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Cristen S. Rose and James P. Rathvon: Stating your case to the client

Consumers of legal services have no shortage of options, yet recent surveys indicate that many clients are less than satisfied with the services they receive from their lawyers. This would suggest that there are plenty of opportunities for attorneys who provide superior legal services to gain clients and build a successful practice.

There is little disagreement about the fundamentals of delivering superior legal services. Providing effective representation and performing high quality legal work are the cornerstones. Those attributes, however, do not typically differentiate you from the competition, since many lawyers do fine legal work.

Rather, the key to differentiating your services is to provide greater value than the competition. Let’s be clear: Value does not necessarily mean a lower price. To the contrary, many analyses show price is the weakest form of differentiation. It is perfectly acceptable for your fees to be higher than your competition’s as long as you can articulate and illustrate why yours represent a better value.

One key to building and maintaining a successful practice, then, is ensuring that your clients understand the value of the services you supply. Lawyers provide myriad valuable services: solving problems, resolving disputes, vindicating rights, facilitating agreements, and clearing away obstacles in the client’s path to success. In each instance, it is important to help the client translate the results of the engagement into actual dollars saved or earned.

Transactions

When a legal matter involves the acquisition or disposition of something of value, such as a business transaction, it is tempting to assume that your client recognizes the value of your services in the price of the acquisition/sale. It is quite possible, however, that the client views the transaction as something separate and apart from the services you provided. Thus, it is critical that you identify — and the client acknowledge — your “differentiating value.”

In what ways did you supply more or better assistance, or legal insight, than another lawyer might have done in that same engagement? Think critically about how your experience, industry knowledge or relationships contributed to a successful conclusion and will facilitate success in the future.

With regard to a business transaction, did you identify and troubleshoot any issues that may have led to more successful integration of the new business, more stable growth or a “better deal” for your client? Did your knowledge or experience allow you to identify and resolve issues that others might have missed or dismissed without consideration? Did your counsel make the process go more smoothly or efficiently?

In litigation

When it comes to litigation, clients often see the associated costs and fees purely as expenses, particularly if they are facing claims asserted by others. This can make identifying the value you provided more difficult — but all the more important.

One way to add value is to use the litigation as an opportunity to identify and resolve systemic issues, so the same or similar problems do not recur. For example, did inadequate or improper processes contribute to the likelihood that a third party would assert a claim? Would better documentation or policies have made resolution easier or less costly? If so, use that analysis to help the client review or revamp its policies, procedures, training or other areas to improve its operation.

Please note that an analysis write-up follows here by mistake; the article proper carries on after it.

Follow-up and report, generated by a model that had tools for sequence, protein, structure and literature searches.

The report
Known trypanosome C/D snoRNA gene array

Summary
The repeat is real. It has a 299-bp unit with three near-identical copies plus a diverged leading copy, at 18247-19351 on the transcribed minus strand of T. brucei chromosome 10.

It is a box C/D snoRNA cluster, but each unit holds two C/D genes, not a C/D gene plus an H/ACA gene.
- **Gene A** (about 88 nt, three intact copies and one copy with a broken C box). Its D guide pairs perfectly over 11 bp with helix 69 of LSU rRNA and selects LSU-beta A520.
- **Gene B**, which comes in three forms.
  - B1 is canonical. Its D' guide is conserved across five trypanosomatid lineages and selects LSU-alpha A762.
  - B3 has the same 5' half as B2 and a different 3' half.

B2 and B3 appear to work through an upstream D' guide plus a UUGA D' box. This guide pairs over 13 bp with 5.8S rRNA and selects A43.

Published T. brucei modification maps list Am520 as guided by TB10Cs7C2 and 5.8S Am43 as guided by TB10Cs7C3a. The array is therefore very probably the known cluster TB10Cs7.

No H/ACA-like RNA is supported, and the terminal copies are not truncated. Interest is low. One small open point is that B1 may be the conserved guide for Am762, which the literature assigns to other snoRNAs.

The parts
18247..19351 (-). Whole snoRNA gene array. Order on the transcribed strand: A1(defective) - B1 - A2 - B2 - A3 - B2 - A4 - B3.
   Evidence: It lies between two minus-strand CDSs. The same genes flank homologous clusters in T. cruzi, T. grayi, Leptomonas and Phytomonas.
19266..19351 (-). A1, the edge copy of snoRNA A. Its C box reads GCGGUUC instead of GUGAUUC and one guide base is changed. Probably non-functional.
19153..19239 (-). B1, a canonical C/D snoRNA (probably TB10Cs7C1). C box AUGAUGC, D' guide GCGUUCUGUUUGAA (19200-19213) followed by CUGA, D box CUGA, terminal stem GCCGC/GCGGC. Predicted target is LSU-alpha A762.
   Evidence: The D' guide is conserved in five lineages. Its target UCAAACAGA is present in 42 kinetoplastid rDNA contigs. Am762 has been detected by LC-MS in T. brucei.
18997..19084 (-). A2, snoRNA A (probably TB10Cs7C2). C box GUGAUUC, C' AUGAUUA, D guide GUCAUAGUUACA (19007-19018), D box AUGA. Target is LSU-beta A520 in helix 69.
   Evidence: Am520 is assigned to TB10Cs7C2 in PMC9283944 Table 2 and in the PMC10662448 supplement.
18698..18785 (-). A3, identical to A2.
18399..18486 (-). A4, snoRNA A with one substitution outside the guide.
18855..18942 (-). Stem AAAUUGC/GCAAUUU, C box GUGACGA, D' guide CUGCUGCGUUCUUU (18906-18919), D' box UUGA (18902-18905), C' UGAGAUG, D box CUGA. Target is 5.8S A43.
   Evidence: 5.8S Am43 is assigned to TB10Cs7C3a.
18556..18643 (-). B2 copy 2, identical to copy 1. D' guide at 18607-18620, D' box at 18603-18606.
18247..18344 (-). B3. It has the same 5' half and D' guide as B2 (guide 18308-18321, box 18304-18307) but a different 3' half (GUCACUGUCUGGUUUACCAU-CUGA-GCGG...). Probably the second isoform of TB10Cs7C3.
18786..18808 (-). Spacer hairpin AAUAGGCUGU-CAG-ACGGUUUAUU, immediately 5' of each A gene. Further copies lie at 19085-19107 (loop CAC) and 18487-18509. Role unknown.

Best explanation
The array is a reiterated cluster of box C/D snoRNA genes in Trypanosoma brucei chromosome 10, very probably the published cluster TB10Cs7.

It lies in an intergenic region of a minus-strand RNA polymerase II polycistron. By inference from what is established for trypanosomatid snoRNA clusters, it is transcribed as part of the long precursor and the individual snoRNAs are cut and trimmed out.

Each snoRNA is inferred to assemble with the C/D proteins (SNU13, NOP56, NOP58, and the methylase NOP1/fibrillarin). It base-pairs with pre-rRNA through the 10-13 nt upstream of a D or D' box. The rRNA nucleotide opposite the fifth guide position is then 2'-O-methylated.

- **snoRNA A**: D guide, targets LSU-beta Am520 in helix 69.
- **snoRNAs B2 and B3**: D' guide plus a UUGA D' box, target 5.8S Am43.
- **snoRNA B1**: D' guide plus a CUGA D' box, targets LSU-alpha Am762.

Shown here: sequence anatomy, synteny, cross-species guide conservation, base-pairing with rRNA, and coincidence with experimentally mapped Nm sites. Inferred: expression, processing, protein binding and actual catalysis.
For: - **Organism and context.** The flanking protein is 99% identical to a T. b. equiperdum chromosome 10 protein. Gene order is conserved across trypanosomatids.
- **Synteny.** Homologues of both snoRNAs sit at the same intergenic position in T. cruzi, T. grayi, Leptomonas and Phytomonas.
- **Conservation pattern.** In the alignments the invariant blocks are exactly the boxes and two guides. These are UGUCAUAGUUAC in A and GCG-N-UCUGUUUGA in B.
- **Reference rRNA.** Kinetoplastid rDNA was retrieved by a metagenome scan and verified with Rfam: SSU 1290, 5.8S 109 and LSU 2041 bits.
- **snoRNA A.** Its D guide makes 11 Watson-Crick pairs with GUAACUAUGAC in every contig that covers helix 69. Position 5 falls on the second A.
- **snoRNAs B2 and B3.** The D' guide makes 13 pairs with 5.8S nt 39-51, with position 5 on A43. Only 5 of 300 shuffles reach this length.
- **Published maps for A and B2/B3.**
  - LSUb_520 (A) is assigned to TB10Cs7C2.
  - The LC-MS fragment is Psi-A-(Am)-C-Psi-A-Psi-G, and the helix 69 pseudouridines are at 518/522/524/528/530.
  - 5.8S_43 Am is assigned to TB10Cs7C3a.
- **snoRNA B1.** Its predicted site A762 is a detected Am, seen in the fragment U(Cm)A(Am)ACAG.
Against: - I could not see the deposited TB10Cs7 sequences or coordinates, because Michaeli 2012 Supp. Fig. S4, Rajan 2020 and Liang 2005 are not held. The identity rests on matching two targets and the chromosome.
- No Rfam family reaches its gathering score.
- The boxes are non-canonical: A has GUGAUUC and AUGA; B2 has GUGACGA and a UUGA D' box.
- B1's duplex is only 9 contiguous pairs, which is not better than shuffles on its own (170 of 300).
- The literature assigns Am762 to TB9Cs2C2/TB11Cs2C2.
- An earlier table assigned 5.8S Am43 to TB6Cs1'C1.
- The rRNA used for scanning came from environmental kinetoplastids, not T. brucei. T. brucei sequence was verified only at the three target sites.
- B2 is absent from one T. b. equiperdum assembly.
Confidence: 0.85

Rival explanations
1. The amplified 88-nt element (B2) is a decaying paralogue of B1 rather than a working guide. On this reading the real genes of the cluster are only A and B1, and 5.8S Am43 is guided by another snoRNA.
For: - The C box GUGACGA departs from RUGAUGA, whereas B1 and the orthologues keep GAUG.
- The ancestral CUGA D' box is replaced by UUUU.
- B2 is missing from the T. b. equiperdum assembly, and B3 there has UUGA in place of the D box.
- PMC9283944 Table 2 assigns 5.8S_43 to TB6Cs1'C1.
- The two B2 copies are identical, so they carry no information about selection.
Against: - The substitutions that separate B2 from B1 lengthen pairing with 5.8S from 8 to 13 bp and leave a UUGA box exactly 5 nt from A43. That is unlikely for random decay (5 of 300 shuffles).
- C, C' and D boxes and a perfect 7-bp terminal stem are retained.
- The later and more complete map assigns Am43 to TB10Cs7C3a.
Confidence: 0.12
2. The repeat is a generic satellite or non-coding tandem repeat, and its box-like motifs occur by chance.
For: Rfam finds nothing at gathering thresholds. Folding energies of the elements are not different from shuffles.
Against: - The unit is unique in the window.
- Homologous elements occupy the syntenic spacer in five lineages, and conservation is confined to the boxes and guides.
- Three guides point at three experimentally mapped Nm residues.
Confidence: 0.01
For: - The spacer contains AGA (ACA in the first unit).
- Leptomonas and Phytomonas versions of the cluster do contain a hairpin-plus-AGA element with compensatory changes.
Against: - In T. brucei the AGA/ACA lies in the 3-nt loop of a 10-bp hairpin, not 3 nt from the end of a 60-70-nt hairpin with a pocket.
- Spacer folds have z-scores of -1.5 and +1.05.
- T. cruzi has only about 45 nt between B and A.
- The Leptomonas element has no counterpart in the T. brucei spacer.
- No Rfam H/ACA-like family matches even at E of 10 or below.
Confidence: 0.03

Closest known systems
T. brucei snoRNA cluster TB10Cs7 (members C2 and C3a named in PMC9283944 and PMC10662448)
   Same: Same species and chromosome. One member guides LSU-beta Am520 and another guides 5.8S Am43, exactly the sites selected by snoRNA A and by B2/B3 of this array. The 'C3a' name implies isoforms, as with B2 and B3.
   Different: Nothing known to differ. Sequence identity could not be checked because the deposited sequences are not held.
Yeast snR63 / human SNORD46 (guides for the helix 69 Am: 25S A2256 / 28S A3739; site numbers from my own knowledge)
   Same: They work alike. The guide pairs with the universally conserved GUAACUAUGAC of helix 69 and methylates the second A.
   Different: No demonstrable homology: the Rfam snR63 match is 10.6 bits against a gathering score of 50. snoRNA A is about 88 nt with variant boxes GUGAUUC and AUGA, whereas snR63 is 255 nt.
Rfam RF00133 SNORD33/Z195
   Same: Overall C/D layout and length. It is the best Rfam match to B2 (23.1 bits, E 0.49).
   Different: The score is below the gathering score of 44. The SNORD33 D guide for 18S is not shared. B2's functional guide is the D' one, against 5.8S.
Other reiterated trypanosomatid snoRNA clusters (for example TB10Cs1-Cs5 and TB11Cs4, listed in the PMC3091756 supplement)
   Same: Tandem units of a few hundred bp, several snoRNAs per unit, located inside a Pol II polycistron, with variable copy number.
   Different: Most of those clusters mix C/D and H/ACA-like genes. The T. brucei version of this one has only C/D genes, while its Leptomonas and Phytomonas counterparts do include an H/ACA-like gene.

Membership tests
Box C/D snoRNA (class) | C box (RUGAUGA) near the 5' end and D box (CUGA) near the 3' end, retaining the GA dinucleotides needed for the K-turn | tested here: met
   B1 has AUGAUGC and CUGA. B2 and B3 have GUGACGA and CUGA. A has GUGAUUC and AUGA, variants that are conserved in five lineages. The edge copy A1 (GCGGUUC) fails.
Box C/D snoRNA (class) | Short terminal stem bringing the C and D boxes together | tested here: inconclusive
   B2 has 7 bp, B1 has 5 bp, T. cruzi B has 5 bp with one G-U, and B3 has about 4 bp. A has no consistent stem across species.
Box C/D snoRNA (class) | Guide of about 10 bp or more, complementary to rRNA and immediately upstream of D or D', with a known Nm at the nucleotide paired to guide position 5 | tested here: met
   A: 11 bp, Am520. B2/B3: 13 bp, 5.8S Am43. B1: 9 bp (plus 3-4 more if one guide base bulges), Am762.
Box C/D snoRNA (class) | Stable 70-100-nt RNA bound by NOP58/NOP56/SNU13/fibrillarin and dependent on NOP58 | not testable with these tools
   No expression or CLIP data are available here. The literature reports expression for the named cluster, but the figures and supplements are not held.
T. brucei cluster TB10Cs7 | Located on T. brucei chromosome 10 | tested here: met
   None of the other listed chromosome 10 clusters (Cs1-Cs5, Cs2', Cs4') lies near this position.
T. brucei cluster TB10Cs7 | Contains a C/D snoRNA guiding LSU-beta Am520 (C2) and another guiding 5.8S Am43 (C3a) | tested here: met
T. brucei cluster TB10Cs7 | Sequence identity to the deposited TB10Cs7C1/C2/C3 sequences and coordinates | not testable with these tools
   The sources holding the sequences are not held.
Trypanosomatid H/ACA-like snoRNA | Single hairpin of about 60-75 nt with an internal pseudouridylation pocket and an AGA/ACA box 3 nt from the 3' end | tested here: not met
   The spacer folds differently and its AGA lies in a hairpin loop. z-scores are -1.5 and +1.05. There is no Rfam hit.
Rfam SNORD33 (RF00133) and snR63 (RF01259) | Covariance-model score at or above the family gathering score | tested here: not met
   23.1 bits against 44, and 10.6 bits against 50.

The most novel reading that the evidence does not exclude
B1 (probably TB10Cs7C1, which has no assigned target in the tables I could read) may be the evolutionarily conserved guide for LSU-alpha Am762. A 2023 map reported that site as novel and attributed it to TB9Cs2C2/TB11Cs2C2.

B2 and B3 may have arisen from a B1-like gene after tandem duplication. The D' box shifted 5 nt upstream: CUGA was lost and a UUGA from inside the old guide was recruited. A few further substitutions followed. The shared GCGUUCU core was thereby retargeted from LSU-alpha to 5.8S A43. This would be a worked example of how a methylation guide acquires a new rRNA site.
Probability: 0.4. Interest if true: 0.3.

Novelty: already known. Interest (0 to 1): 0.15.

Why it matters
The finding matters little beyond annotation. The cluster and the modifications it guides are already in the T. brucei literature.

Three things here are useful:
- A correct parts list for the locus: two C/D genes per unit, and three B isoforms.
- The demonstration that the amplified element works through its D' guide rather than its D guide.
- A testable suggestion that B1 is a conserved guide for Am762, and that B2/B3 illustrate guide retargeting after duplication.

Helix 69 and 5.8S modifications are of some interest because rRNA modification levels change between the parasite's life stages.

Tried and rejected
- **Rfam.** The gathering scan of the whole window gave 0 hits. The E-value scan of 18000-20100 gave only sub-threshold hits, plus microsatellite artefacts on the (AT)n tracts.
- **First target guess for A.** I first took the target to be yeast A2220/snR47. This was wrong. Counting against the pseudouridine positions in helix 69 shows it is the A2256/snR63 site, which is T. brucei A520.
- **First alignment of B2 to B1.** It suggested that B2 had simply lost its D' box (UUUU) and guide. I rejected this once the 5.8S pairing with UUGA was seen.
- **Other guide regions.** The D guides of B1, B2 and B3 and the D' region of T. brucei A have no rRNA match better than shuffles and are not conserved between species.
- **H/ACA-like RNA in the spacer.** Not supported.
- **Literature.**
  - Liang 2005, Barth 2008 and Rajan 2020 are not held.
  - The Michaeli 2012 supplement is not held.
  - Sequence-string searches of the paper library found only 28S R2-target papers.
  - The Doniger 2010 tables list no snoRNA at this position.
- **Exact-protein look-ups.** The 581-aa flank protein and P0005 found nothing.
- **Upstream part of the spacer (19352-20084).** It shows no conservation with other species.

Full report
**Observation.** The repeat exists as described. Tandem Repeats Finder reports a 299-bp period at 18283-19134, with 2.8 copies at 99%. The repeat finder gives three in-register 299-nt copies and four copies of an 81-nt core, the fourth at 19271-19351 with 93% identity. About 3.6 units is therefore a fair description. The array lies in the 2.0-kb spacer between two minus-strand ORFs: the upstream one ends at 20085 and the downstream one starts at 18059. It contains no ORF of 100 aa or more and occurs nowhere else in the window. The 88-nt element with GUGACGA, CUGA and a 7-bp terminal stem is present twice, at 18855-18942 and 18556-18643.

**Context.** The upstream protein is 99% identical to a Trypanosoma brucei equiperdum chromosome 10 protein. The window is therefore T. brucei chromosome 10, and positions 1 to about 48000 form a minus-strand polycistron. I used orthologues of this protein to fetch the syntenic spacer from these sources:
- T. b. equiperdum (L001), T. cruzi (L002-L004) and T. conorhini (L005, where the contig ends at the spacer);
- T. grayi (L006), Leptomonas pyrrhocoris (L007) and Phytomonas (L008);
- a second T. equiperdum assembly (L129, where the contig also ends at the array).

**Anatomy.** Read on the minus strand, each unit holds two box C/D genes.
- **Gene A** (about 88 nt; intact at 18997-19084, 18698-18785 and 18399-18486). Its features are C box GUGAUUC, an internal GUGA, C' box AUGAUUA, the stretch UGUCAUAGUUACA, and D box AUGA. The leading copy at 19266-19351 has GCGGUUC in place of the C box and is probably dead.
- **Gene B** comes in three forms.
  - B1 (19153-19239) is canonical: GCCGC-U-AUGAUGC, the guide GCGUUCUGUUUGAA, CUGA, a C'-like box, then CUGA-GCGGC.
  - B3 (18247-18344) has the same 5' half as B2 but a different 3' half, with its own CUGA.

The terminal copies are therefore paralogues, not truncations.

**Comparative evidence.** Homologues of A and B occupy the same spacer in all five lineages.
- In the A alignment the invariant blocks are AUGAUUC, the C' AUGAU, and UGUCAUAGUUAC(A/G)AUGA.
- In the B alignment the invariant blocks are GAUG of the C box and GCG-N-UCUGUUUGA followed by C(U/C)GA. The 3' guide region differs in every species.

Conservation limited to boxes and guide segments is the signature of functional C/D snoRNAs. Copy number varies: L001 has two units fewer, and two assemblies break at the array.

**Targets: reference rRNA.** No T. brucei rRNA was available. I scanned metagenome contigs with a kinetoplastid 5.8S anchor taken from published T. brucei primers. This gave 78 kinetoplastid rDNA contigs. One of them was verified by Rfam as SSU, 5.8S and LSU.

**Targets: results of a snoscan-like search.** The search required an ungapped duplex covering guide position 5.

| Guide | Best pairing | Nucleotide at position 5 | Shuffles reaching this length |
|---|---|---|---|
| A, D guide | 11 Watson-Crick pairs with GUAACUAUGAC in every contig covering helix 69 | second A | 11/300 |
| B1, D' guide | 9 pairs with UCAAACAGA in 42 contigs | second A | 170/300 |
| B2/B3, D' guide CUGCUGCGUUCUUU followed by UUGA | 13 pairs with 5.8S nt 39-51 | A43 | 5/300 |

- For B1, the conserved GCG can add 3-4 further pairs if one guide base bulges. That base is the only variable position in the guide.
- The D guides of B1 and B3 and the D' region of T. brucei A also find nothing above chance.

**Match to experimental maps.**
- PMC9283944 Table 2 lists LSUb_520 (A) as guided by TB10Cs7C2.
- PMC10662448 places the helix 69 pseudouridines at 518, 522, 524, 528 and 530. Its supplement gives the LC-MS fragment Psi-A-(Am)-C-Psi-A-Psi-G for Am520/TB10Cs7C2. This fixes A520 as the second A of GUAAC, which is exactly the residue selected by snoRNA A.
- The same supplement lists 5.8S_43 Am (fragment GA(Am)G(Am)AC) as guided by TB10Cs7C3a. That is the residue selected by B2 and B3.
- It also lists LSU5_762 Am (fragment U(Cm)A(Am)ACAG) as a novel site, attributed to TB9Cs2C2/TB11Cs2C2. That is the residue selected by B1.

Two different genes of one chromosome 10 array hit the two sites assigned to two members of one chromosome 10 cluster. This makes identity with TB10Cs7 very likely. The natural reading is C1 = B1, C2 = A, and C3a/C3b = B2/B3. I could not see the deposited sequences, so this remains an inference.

At the conclusion of the matter, and perhaps at some interval thereafter, you can conduct “lessons learned” reviews to illustrate how your counsel led to a successful resolution — and is helping the client avoid future problems.

Especially in litigation, you should accentuate not just the resolution you achieved but the means by which you achieved it. At the beginning of your representation, always discuss and identify the client’s goals, the various options for resolving the matter, the pros and cons of each option and how it relates to the client’s overall objectives.

For example, if the client is facing a claim and cost is its primary concern, it may be more cost-effective to enter a quick settlement in which the client pays a bit more, but avoids other litigation-related costs (or the possibility that time or litigation could increase the value of the claim).

In contrast, if your client is concerned about the possibility of copycat claims, refusing to settle may be the more effective strategy. While litigation-related expenses may be costly in the short term, a no-settlement policy can offer long-term benefits if it dissuades others from pursuing similar claims in the future.

Not just an expense

As these examples illustrate, you need to make sure your client understands and appreciates the short- and long-term strategic value of your counsel. This requires you to make special efforts to identify the additional or differentiating value that you added, so that your client sees you not just as an expense, but a strategic partner.

Cristen S. Rose and James P. Rathvon are principals in the Law Firm of Paley Rothman in Bethesda. Rathvon chairs the firm’s recently-formed Regulatory Law & Litigation Practice. Rose, a member of that practice, handles complex business and commercial litigation.